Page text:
Why some sexual assault allegations don’t result in conviction
The vast majority of sexual assaults that have been substantiated by police do not result in a criminal conviction or even make it to court, Statistics Canada said Thursday.
New research from the agency surveyed the number of sexual assault allegations that police ruled as founded between 2009 and 2014, noting that this figure is considerably lower than the number of such offences that likely took place.
Of those, StatCan said only 12 per cent, or about one in 10, resulted in a criminal conviction. Most cases never had a chance to attain one, as the research found only 49 per cent of substantiated sexual assault complaints made it to court in the first place.
StatCan contrasted these rates with similar figures for physical assaults, which are nearly twice as likely to both make it through the justice system and secure a conviction. About 75 per cent of physical assaults proceed to court after charges are laid, and 23 per cent of substantiated claims result in conviction, StatCan said.
The research excluded data from Quebec and Prince Edward Island due to an inability to adequately compare data with other provinces.
The StatCan survey acknowledged that the data it surveyed is merely scratching the surface of a complex issue, saying it hopes the report will lay the groundwork for future research.
“While conviction rates … and severity of sentencing outcomes are often used as measures of criminal justice, neither take into account the potentially large volume of cases that never made it to court,” the report reads. “The ‘fall-out’ of cases before court can provide vital context for how sexual assaults are handled in the criminal justice system.”
StatCan announced in the report that the focus would shift to tracking sex assault claims that police have classified as “unfounded,” saying a report on the issue will be released next July.
The most recent data reaffirmed many long-standing facts about sexual assault cases. StatCan said 87 per cent of sexual assault victims were women and girls, and the majority of alleged perpetrators were known to them in some capacity.
StatCan found that cases in which the victim and the alleged assailant were known to each other were less likely to go to court, with only 47 per cent of such cases resulting in charges compared to 64 per cent in which the accused was a stranger.
That number fell even further if an accused was a member of the victim’s family, but StatCan said those cases were likely to result in stiffer penalties if the person was convicted.
Age also played a role in the success of a sexual assault prosecution, it said.
“It may be suggested that middle-aged to older women sexually assaulted by young men were most likely to see their assailant go to court and be convicted, whereas younger female and male victims of sexual assault (including children) who were victimized by middle-aged to older men many years older than them were less likely to see the same course of justice,” the report reads.
The research also found that the majority of cases that originally come before the court as a sex assault charge don’t wind up being handled that way. The data showed 60 per cent of sex assault charges brought before the court are prosecuted as a different type of offence.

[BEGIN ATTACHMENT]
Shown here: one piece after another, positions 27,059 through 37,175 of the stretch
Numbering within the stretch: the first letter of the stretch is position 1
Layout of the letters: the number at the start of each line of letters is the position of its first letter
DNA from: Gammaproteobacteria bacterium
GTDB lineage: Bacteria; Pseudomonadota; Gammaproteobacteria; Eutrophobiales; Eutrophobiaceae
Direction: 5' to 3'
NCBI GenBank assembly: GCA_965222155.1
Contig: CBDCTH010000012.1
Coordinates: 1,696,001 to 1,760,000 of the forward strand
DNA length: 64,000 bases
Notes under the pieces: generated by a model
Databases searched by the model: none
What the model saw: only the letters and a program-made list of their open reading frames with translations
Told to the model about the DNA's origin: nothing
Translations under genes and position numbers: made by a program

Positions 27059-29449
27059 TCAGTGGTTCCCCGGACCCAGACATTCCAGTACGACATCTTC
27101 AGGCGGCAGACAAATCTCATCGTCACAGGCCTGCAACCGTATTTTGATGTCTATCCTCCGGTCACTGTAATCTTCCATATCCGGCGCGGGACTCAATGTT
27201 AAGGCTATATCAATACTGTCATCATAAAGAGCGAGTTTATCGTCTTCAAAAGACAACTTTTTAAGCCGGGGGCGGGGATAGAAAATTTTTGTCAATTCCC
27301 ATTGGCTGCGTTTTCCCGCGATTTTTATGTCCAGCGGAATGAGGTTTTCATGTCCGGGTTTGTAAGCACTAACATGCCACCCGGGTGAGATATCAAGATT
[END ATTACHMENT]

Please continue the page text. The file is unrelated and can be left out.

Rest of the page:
Amanda Dale of the Barbra Schlifer Commemorative Clinic said the finding suggests lawyers are working around a system that they recognize is stacked against victims of sexual assault.
“The Crowns in these cases are seeing that the justice system is still not ready to receive these crimes on an equal basis with other crimes,” she said. “If you take it from sexual assault to plain assault, you might have a better outcome because all of the prejudices that surround sexual assault might suddenly no longer be your barrier.”
Dale said the findings are yet another indicator that the system for prosecuting sexual assault is in need of change.
While she acknowledges that the national conversation around the issue has shifted and progress is being made, she said the latest numbers continue to paint a disheartening picture for sexual assault survivors.
“It doesn’t surprise me, but it continues to shock me that we have a crime that so closely approaches impunity that’s so widely experienced.”
In an interview with AdvocateDaily.com, Toronto criminal lawyer Roots Gadhia says many of these cases don’t result in a conviction or make it to court at all because waiting to report a sexual assault makes proving it happened much more difficult.
“Many complainants wait weeks, months or years to go to police, and unless they’ve saved the blue dress with the semen on it, for example, the delay raises a doubt,” she says.
“That doubt is compounded by complainants who have other litigation pending — such as accusing the husband of assault during a child custody battle — or a history of jealousy with their partner, can raise issues of deception.”
Gadhia, principal of R. Roots Gadhia Criminal Defence Law, says as defence counsel she has seen how a complainant can be undermined, even in cases where the allegations may be true, when they lie or exaggerate about unrelated matters.
“If they lie to express their hurt or anger, that can raise doubts about the substantive allegations,” she says.Back to News